Mendelian randomization of blood lipids for coronary heart disease

Michael V. Holmes, Folkert W. Asselbergs, Tom M. Palmer, Fotios Drenos, Matthew B. Lanktree, Christopher P. Nelson, Caroline E. Dale, Sandosh Padmanabhan, Chris Finan, Daniel I. Swerdlow, Vinicius Tragante, Erik P A Van Iperen, Suthesh Sivapalaratnam, Sonia Shah, Clara C. Elbers, Tina Shah, Jorgen Engmann, Claudia Giambartolomei, Jon White, Delilah ZabanehReecha Sofat, Stela McLachlan, Pieter A. Doevendans, Anthony J. Balmforth, Alistair S. Hall, Kari E. North, Berta Almoguera, Ron C. Hoogeveen, Mary Cushman, Myriam Fornage, Sanjay R. Patel, Susan Redline, David S. Siscovick, Michael Y. Tsai, Konrad J. Karczewski, Marten H. Hofker, W. Monique Verschuren, Michiel L. Bots, Yvonne T. Van Der Schouw, Olle Melander, Anna F. Dominiczak, Richard Morris, Yoav Ben-Shlomo, Jackie Price, Meena Kumari, Jens Baumert, Annette Peters, Barbara Thorand, Wolfgang Koenig, Tom R. Gaunt, Steve E. Humphries, Robert Clarke, Hugh Watkins, Martin Farrall, James G. Wilson, Stephen S. Rich, Paul I W De Bakker, Leslie A. Lange, George Davey Smith, Alex P. Reiner, Philippa J. Talmud, Mika Kivimäki, Debbie A. Lawlor, Frank Dudbridge, Nilesh J. Samani, Brendan J. Keating, Aroon D. Hingorani, Juan P. Casas

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421 Scopus citations


Aims To investigate the causal role of high-density lipoprotein cholesterol (HDL-C) and triglycerides in coronary heart disease (CHD) using multiple instrumental variables for Mendelian randomization. Methods and results We developed weighted allele scores based on single nucleotide polymorphisms (SNPs) with established associations with HDL-C, triglycerides, and low-density lipoprotein cholesterol (LDL-C). For each trait, we constructed two scores. The first was unrestricted, including all independent SNPs associated with the lipid trait identified from a prior meta-analysis (threshold P < 2 × 10-6); and the second a restricted score, filtered to remove any SNPs also associated with either of the other two lipid traits at P ≤ 0.01. Mendelian randomization meta-analyses were conducted in 17 studies including 62,199 participants and 12,099 CHD events. Both the unrestricted and restricted allele scores for LDL-C (42 and 19 SNPs, respectively) associated with CHD. For HDL-C, the unrestricted allele score (48 SNPs) was associated with CHD (OR: 0.53; 95% CI: 0.40, 0.70), per 1 mmol/L higher HDL-C, but neither the restricted allele score (19 SNPs; OR: 0.91; 95% CI: 0.42, 1.98) nor the unrestricted HDL-C allele score adjusted for triglycerides, LDL-C, or statin use (OR: 0.81; 95% CI: 0.44, 1.46) showed a robust association. For triglycerides, the unrestricted allele score (67 SNPs) and the restricted allele score (27 SNPs) were both associated with CHD (OR: 1.62; 95% CI: 1.24, 2.11 and 1.61; 95% CI: 1.00, 2.59, respectively) per 1-log unit increment. However, the unrestricted triglyceride score adjusted for HDL-C, LDL-C, and statin use gave an OR for CHD of 1.01 (95% CI: 0.59, 1.75). Conclusion The genetic findings support a causal effect of triglycerides on CHD risk, but a causal role for HDL-C, though possible, remains less certain.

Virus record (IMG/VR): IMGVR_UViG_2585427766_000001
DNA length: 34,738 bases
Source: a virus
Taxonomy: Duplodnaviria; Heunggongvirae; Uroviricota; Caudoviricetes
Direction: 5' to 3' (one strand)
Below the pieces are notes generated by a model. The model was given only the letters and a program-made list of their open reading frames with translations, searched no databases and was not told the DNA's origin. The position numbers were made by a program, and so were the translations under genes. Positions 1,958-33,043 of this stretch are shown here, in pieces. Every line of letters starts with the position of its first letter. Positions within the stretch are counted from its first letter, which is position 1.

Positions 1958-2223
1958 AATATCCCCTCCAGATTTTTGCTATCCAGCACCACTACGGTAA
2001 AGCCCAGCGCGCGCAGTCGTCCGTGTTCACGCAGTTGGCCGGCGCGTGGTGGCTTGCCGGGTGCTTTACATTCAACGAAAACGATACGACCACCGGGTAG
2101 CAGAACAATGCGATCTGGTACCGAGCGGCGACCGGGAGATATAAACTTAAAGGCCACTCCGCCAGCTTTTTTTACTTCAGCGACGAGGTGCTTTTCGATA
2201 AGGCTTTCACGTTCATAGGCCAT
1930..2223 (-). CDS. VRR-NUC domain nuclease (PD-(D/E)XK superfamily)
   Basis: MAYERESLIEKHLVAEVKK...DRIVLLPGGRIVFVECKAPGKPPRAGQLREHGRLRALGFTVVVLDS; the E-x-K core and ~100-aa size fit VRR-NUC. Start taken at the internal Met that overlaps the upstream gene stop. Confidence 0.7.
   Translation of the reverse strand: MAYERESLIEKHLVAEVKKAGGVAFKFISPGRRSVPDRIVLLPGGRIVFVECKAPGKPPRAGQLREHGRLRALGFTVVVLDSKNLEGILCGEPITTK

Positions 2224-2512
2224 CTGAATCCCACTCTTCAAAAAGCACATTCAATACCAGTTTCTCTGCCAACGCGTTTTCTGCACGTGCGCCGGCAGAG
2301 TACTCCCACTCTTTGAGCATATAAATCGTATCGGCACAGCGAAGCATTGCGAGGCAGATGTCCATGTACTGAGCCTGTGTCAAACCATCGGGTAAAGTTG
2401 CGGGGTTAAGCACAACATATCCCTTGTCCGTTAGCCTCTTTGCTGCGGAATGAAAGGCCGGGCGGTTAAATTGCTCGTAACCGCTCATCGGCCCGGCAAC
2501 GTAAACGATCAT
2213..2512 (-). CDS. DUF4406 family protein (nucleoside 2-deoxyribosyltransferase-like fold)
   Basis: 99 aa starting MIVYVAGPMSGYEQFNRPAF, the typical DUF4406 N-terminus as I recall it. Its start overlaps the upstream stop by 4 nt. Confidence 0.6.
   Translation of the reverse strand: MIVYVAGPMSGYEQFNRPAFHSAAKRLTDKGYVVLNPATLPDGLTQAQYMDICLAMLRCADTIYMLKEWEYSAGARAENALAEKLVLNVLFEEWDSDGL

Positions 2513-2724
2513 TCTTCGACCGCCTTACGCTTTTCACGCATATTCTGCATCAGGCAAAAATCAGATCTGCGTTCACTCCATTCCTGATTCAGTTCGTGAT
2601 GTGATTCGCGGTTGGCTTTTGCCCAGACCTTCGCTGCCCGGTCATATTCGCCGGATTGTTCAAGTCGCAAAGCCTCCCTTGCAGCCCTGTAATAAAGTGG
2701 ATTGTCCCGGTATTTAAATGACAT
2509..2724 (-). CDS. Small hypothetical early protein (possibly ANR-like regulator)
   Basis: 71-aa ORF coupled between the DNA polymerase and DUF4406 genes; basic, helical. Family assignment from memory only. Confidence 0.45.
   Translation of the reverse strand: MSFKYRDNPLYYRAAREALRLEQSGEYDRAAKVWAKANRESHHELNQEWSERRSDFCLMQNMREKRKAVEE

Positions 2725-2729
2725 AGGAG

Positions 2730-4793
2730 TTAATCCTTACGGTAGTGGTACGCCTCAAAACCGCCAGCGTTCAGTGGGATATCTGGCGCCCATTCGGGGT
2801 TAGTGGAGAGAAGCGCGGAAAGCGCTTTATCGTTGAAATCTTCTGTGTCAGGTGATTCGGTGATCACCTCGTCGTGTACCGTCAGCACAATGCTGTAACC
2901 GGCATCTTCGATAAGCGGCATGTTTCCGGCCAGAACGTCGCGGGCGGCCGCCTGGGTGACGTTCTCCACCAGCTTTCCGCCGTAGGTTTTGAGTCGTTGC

Original languageEnglish (US)
Pages (from-to)539-550
Number of pages12
JournalEuropean heart journal
Issue number9
StatePublished - Mar 1 2015

Bibliographical note

Funding Information:
M.V.H.wasfundedbyaUKMedicalResearchCouncilPopulationHealthSci-entist Fellowship (G0802432). F.W.A. is supported by UCL Hospitals NIHR Biomedical Research Centre. D.I.S. is supported by a Medical Research Council Doctoral Training Award and a grant from the Rosetrees Foundation. ME.K. is supported by the National Institute of Aging and the National Heart, Lung and Blood Institute (HL36310). S.E.H. and P.J.T. are supported by the British Heart Foundation (BHF RG 08/008, PG/07/133/24260), UK Medical Research Council, the US National Institutes of Health (grant NHLBI 33014) and Du Pont Pharma, Wilmington, USA. N.J.S. holds a Chair funded by the British Heart Foundation and is an NIHR Senior Investigator. MI.K. is supported by the National Institute of Aging, the Medical Research Council, the British Heart Foundation, and the National Heart, Lung and Blood Institute and the Academy of Finland. A.D.H. and J.P.C. are supported by the National Institute of Health Research University College London Hospitals Biomedical Research Centre. Funding to pay the Open Access publication charges for this article was provided by RCUK.